After hovering around the threshold value of 100 in the last five months, the volatile CEIC Leading Indicator for the Euro Area finally registered a significant jump, to 107.3 in February from 102.7 in the previous month. Despite not reaching historic highs like in the US, European financial markets also had a strong month in February with the Dow Jones Euro Stoxx index gaining 6.5% compared to January. Inflation in the monetary union has been slightly rising, although it is still below 1% and thus far from ECB’s 2% target. Consumer sentiment over the situation over the next 12 months slightly improved, but it is yet to reach pre-pandemic levels.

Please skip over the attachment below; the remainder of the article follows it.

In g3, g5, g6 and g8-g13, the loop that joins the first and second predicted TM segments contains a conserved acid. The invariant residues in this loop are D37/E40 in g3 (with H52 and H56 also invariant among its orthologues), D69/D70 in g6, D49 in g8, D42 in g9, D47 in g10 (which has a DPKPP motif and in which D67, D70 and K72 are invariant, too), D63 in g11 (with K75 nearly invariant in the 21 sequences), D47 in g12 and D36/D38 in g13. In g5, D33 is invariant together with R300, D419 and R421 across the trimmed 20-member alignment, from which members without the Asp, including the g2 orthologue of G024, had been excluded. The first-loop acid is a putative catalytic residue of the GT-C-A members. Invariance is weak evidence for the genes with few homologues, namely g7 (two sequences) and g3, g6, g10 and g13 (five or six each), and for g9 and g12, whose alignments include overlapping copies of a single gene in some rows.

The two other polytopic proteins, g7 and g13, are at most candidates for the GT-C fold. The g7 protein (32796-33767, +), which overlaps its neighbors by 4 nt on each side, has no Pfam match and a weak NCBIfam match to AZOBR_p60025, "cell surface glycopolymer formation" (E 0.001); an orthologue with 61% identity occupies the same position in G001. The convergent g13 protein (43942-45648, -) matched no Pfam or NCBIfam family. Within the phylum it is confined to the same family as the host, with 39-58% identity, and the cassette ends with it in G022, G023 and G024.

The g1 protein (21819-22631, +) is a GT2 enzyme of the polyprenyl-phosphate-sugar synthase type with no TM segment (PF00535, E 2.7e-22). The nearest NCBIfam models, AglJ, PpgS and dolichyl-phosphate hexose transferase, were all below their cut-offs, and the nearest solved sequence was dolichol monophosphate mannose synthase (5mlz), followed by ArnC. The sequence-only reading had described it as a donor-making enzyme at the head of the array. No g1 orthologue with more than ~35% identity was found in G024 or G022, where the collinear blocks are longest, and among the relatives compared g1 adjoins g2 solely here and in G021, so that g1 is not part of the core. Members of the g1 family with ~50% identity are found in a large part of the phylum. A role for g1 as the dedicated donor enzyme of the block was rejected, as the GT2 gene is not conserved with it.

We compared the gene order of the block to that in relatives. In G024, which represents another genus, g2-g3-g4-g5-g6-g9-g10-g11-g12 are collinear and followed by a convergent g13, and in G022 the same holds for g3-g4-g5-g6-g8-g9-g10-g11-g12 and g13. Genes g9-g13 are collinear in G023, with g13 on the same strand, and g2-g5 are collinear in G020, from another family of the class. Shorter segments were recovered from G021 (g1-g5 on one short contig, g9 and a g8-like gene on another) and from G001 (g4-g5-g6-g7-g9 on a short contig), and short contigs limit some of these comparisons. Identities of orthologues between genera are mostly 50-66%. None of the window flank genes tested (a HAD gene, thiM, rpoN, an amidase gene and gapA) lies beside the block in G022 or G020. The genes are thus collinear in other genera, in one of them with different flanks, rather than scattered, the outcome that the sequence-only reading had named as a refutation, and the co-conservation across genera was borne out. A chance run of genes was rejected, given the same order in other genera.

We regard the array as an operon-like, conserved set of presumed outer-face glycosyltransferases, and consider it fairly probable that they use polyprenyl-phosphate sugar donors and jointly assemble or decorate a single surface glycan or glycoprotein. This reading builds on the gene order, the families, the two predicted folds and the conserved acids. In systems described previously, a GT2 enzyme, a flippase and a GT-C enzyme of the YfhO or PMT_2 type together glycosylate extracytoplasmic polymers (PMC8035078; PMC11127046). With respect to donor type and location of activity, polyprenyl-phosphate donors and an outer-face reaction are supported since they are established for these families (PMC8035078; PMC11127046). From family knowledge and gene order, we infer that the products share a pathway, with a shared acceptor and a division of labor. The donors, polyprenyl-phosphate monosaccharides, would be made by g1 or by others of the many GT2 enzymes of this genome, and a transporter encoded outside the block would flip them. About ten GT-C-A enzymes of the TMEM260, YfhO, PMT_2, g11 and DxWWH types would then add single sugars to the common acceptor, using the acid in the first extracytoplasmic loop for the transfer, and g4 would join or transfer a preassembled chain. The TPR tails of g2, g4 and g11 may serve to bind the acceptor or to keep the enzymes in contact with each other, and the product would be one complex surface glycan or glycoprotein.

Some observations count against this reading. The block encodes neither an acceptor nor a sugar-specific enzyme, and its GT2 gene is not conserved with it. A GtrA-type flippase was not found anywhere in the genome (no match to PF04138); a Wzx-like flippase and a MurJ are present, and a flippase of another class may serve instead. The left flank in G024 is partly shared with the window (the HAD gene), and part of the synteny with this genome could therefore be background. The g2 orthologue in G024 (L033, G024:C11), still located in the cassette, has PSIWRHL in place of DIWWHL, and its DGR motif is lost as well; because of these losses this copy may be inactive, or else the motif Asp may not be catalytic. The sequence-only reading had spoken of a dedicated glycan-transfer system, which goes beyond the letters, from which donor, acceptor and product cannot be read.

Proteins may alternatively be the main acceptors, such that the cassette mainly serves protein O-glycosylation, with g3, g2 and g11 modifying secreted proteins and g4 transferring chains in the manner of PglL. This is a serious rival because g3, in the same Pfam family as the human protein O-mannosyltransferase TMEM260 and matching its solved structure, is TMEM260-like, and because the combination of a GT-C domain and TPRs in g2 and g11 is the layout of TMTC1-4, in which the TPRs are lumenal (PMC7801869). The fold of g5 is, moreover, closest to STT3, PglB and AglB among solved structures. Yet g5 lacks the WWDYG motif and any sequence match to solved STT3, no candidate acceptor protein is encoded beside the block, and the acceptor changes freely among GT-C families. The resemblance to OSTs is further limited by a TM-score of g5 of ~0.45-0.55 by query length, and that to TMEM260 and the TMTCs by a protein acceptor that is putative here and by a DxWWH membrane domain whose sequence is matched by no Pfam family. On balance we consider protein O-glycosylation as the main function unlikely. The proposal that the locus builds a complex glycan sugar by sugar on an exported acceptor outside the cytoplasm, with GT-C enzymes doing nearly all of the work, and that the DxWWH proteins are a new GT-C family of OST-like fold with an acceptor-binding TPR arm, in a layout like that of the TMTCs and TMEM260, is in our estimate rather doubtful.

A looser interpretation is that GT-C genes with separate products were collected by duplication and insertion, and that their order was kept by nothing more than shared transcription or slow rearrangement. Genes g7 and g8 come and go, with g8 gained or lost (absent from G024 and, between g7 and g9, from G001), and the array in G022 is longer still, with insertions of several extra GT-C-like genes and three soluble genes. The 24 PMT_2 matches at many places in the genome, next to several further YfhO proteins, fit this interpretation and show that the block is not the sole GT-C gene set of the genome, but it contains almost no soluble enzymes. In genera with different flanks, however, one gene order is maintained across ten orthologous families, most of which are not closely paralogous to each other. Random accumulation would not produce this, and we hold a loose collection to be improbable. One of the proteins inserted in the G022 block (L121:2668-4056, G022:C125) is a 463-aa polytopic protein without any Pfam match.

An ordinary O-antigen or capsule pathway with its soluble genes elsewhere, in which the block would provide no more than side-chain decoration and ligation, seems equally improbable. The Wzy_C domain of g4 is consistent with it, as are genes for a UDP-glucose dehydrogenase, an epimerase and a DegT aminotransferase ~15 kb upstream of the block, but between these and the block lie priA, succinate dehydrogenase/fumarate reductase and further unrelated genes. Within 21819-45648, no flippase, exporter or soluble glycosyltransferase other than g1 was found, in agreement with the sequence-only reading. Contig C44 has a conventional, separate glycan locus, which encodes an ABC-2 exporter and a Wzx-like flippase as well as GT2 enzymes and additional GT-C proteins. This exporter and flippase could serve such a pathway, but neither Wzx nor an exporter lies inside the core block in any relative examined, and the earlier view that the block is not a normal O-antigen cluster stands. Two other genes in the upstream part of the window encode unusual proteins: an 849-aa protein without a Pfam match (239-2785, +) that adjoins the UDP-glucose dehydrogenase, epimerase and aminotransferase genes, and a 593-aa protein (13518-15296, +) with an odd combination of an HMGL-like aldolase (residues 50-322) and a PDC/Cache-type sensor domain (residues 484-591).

The CEIC Leading Indicator for Brazil fell by 2.2 points to 104.2 in February 2021, as the higher inflation, the shortage of industrial inputs, and the rising number of COVID-19 cases threaten to impact the country’s economic performance in the second half of 2021. The country may post a moderate growth in Q3, as the non-smoothed index remains higher than the benchmark value of 100, but it is lower than the long-term smoothed indicator, which stood at 108.8. Some key variables supported the performance of the CEIC Leading Indicator in the second month of 2021. The manufacturing confidence indicator recorded its second fall in a row to 7.9% in February 2021, seasonally adjusted, as factories are facing supply chain bottlenecks, delays and even temporary shutdowns caused by the shortage of inputs and by the lockdowns imposed in some regions. Hence, on the automotive market, the lack of models at many dealerships pushed down the sales of new vehicles by 14.2% y/y to 186,718 units in February. In the construction industry, the expectation to purchase inputs index slipped to 55.3 from 57 in January 2021, but remained well above the neutral value of 50. The consumer inflation expectation indicator reached 5.3 in February 2021, as inflation indices accelerated in the first months of the year, reflecting mainly higher prices of fuels. International crude oil prices rose to a monthly average of USD 61.1 per barrel in the second month of 2021, from USD 54.4 per barrel in January 2021, reflecting a heated demand from China and the cold snap which reduced oil production in Texas, the US’ main oil producing state. In the stock markets, the equity market index fell to 110,035 in the end of February 2021, from 115,067 in the end of January, influenced by uncertainties regarding fiscal and political risks, after President Bolsonaro fired the CEO of the state-run oil company Petrobras, signaling a greater intervention in the company's price policy.